Trip Report Elk River British Columbia Rising Cutthroat Trout August 2018

Charles Sullivan

ignoring Rob Allen and Generic
#46
The footage above is the best I have seen Ladin put out. It's not just due to the size of that trout, which is impressive, but because it's not bobber fishing.

I have taped and watched the show. In the winter it's nice to watch outdoor shows. It's great that this one has dry fly action. I went through 5 shows the other day and I fast forwarded until Laddin et al. were not bobber nymphing. In 5 shows I watched about 10 minutes of footage. Some was from a lake shore casting over a ledge for "steelhead" that had been released and the other footage was streamer fishing on a river. All that footage was cool for sure.

I would watch the show more but I have no interest in bobber fishing. It seems like the show is mostly bobber fishing. Maybe that is just the state of trout fishing today. The same was true for the other show that was on with the Gonzaga voice dude, "Seasons on the Fly". It was nearly all bobber fishing. It must be easier to film or something. Maybe you just catch more fish and it's more efficient for filming.

I end up not watching any flyfishing shows for trout anymore. I will watch some of the saltwater flyfishing shows. There are no bobbers there.



Go Sox,
cds
 
#47
OK, so now you have my curiosity up. Where does one go to see these vids? Are they on some TV network? Youtube seems only to have trailers of a few minutes in length.
Sorry it has taken me so long to let you know the station. Just got back into town on Wednesday and briefly forgot about it.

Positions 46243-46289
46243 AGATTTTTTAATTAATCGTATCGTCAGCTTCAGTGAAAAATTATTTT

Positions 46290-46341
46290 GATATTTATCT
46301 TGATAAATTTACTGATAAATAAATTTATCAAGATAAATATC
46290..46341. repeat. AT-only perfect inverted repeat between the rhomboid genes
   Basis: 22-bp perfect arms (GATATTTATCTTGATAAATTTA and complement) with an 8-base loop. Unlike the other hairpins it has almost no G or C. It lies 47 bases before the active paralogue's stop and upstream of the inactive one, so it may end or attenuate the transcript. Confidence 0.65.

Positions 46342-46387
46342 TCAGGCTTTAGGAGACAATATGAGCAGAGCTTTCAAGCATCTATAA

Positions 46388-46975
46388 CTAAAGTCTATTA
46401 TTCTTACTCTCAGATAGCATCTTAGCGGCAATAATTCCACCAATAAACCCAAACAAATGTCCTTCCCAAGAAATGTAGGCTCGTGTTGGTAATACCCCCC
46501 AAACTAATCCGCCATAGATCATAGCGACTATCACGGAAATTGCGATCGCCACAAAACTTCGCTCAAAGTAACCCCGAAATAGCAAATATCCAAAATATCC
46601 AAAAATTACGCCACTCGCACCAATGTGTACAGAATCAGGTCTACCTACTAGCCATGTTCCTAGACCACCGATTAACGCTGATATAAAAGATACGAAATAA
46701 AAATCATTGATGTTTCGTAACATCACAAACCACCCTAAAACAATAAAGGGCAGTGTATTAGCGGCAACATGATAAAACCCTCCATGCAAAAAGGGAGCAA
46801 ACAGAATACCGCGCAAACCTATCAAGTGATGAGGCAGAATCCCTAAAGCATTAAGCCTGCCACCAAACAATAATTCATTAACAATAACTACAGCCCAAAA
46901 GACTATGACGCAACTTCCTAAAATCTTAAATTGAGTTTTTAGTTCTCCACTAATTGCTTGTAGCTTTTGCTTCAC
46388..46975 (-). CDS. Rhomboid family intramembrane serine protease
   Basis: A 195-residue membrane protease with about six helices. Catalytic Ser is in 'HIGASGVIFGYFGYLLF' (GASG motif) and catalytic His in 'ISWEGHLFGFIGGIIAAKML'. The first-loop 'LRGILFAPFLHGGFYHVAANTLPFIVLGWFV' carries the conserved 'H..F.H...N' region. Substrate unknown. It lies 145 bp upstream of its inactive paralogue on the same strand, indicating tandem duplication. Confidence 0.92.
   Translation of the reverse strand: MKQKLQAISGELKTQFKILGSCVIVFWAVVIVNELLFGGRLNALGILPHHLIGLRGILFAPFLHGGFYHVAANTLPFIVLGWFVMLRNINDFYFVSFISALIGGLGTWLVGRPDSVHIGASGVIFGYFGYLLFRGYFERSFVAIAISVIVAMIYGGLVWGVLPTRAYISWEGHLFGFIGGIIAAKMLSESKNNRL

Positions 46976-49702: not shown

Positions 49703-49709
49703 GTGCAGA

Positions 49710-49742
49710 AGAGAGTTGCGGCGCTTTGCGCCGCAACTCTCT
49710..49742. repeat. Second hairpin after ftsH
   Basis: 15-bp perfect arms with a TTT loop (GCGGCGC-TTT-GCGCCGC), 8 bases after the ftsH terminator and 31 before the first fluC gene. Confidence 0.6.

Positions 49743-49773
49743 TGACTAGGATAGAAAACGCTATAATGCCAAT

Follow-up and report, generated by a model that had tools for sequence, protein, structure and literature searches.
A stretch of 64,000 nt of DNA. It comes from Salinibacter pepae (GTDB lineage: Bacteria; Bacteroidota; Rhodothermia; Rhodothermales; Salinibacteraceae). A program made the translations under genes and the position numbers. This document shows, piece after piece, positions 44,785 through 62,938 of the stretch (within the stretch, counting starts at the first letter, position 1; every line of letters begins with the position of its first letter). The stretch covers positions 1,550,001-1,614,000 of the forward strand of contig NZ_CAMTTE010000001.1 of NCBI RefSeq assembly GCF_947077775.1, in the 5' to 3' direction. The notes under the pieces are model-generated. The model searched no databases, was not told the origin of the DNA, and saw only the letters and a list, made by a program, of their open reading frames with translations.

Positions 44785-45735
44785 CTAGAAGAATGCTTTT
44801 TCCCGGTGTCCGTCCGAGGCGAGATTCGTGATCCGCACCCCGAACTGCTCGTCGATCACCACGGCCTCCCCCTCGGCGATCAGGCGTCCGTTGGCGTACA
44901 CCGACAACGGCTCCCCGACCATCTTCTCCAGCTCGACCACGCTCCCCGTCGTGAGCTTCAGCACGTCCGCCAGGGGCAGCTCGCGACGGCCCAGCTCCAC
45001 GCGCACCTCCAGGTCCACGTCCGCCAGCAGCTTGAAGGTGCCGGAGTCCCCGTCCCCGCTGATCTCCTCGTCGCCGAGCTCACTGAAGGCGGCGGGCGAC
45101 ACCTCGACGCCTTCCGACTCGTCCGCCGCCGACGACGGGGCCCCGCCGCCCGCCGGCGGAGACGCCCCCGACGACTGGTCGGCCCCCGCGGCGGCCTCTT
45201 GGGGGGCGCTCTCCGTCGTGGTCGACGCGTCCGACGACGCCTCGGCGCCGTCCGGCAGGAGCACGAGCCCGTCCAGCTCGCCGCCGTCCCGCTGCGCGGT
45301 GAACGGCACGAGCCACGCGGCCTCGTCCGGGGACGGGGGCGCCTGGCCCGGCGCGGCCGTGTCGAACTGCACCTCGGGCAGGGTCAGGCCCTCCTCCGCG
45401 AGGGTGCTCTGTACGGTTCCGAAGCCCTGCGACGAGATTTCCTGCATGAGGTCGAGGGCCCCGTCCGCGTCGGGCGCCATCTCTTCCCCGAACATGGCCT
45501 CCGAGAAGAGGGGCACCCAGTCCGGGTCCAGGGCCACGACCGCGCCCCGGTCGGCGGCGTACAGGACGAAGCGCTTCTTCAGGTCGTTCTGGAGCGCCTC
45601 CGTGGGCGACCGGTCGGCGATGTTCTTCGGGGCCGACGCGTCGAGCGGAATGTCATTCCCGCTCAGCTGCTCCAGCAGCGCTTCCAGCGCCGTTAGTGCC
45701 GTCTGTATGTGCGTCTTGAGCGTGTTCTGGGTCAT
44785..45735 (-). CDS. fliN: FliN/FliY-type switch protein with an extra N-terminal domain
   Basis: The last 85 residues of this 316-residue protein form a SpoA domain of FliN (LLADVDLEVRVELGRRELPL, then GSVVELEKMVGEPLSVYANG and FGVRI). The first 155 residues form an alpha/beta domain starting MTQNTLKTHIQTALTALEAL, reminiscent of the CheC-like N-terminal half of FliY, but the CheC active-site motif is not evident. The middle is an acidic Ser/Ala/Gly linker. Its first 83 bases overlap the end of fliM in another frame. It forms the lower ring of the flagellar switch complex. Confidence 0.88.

On DirecTV is is channel 12 KVOS and while watching the show, KFFV 44.3 Seattle was displayed on the screen.
 
#48
My buddy and I spent two weeks around Fernie in July of 2016. We fished every day and self-guided all but one day when we floated the Elk with a guide. The only two bad days on the entire trip were the two days we fished the Elk. We were forced to deep nymph (ugh...) the day of the float and we caught a few fish each. The one day we wade-fished the Elk, I got skunked and my friend (who's a much better fisherman than me landed one. Granted, the Elk was off-color because of a landslide upstream a ways but still there were boats galore on the water every day that we drove along side the river.

The rest of the days we fished other water in the vicinity; fished nothing but dries, saw NO other fishermen, saw amazing scenery and did fantastic...catching big, fat cuttie after big, fat cuttie. Getting on the water other than the Elk is tricky as it is all classified water and you need to get permits for specific waters on specific days as well as a regular fishing license. The most sought-after permits are pretty limited but by doing our research and getting online the MINUTE the permits became available, we were able to score permits for several days each week on the two most-prized waters.

Getting on the Elk itself as well as permits for some other classified waters isn't too big a deal as they are available at the few fly shops. When we went into the shops and presented our permits, the folks in the shop were amazed that we held some of the permits that we had. We simply did what we had to do to get them and it was well worth it.